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Book Chapter

From Kīlauea Iki 1959 to Eyjafjallajökull 2010: How volcanology has changed!

By
Grant Heiken
Grant Heiken
331 Windantide Place, Freeland, Washington, USA
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Published:
September 01, 2013

The field of volcanology has greatly changed during the last half century. The profession is now much more diverse and interdisciplinary, even including collaborating researchers from the social and medical sciences. This new mode of cooperation and working has been more successful in mitigating volcanic hazards and risks. There are fewer of the strong-willed lone rangers of the past and more of those who work with teams to more effectively understand how volcanoes work to protect those living on or near active or potentially active volcanoes. Moreover, there are more university departments with volcanology in their curricula and more international symposia and workshops focusing on mitigation of risk posed by volcano-related hazards. We all have respected colleagues and volcano observatories in many countries. The importance of understanding explosive volcanic eruptions and tracking of eruption plumes involves volcanologists, atmospheric physicists, and air-traffic controllers and is of great interest to the aviation industry. We now have the links in place between great science and practical applications.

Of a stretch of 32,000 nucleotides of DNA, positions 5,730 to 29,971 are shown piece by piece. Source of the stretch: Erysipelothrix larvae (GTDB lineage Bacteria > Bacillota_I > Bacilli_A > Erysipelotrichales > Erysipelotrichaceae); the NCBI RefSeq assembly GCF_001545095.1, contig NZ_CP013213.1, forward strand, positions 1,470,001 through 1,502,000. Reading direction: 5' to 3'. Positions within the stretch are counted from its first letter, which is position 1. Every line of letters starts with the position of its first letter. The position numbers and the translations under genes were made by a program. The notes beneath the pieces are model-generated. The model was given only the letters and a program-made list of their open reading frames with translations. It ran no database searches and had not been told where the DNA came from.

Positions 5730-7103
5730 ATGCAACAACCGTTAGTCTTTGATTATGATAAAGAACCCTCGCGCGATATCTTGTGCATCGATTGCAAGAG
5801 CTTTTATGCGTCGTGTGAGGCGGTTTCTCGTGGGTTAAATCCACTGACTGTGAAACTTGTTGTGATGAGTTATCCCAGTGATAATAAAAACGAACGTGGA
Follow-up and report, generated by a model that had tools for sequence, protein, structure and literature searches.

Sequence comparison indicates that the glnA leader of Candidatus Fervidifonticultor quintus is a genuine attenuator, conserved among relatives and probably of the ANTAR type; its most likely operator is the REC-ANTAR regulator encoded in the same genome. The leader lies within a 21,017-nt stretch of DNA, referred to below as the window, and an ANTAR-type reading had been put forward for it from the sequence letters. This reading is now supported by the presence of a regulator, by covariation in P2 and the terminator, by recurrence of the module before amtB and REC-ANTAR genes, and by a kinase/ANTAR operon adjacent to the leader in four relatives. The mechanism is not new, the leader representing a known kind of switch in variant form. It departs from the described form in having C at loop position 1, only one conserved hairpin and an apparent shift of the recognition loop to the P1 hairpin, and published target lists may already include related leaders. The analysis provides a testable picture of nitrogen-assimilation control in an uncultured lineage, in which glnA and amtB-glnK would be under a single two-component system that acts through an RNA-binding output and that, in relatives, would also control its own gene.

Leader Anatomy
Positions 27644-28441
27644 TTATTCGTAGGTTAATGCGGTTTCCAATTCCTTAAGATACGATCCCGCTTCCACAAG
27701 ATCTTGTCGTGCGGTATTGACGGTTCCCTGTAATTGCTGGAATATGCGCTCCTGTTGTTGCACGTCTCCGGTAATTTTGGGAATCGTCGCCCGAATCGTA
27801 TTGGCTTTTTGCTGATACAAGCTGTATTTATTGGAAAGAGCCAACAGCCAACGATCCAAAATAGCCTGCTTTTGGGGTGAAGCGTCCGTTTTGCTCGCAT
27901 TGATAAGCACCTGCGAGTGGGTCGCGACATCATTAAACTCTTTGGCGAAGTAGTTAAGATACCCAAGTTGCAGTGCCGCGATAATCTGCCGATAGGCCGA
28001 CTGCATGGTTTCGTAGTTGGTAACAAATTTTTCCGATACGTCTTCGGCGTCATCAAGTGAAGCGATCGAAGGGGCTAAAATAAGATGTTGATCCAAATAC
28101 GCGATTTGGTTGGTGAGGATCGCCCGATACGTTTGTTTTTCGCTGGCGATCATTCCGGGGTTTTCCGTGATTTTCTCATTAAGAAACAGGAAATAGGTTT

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GSA Special Papers

The Web of Geological Sciences: Advances, Impacts, and Interactions

Marion E. Bickford
Marion E. Bickford
Department of Earth Sciences, 204 Heroy Geology Laboratory, Syracuse University, Syracuse, New York 13244-1070, USA
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Geological Society of America
Volume
500
ISBN print:
9780813725000
Publication date:
September 01, 2013

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